Essar chief steps down to fight court case over mobile phone licences

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The chairman of Essar Energy is to step down temporarily, following a ruling in India that he is to face charges relating to a $39bn (£25bn) telecommunications scandal in the country.

Ravi Ruia, the billionaire founder of the energy company, will remain as a director of Essar Energy but he will have to face in a specially convened Indian court the charges brought against him by India's Central Bureau of Investigation (CBI) two weeks ago.

Nevertheless, he is the most senior figure to become embroiled in the inquiry into the award of second-generation mobile phone licences in 2008.

There are no charges of bribery or corruption but the CBI is looking at ownership in licensee companies and claims Mr Ruia suppressed facts relating to a holding by Essar Group in Loop Telecom. The company said the charges do not relate to Essar Energy, and it was surprised at the CBI's stand. Mr Ruia and Essar Group deny all the charges.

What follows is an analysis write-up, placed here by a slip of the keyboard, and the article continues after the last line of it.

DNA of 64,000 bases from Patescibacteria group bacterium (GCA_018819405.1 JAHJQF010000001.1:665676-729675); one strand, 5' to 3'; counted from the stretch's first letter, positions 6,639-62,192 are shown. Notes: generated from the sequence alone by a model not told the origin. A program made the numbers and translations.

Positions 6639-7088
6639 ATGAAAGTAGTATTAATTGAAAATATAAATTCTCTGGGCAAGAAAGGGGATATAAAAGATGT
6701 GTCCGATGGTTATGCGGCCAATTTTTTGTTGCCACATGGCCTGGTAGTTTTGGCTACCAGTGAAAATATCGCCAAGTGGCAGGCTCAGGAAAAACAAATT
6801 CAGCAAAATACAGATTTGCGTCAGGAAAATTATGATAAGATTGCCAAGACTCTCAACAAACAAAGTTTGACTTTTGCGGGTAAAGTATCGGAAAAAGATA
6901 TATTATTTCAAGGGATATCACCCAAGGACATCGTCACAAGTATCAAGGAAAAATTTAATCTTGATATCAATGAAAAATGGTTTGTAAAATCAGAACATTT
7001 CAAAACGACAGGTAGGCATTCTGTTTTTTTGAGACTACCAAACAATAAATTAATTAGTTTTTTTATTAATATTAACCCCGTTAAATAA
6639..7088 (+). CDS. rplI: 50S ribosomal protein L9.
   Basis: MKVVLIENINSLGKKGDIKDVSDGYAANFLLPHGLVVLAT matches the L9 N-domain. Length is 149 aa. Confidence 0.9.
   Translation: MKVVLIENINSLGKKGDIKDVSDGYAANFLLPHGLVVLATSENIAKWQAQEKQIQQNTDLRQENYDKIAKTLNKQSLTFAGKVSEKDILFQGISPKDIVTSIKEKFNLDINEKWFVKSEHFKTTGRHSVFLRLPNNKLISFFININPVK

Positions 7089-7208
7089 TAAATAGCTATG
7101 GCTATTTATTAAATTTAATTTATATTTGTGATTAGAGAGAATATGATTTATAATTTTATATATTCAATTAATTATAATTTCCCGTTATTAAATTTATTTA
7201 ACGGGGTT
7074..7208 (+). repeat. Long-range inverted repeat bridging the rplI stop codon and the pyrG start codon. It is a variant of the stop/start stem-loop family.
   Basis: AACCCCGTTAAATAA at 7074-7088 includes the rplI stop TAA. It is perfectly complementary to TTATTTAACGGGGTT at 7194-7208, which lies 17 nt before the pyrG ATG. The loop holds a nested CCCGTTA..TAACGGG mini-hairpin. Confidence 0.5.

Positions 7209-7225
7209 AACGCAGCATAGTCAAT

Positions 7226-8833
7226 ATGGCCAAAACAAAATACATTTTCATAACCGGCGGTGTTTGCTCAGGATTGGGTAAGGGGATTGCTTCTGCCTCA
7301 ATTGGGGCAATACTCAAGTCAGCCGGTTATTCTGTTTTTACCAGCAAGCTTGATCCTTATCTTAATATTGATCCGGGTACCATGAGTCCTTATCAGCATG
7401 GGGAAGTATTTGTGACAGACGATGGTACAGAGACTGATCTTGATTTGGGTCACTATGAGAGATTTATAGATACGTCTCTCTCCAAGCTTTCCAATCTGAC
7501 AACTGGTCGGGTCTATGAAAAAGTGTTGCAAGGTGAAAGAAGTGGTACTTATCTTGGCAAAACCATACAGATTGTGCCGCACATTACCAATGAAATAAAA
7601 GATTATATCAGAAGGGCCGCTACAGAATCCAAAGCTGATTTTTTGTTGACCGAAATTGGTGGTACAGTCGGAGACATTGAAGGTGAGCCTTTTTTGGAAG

Even so Essar Energy, which floated in April 2010 at 420p a share, was the biggest faller on the FTSE 100 yesterday, down 6.1p to 171.9p.

Mr Ruia said: "I believe that as a good corporate governance measure and to ensure that the board and management of Essar Energy continue to be fully focused on successfully delivering against their strategy, I should step aside at this time. Essar Group has always been open, transparent and law-abiding, and I am confident that these charges will be dismissed by the courts in India. I expect that I would resume the office of chairman at an appropriate time."

Essar Energy has appointed Prashant Ruia, who is its vice-chairman, as interim chairman.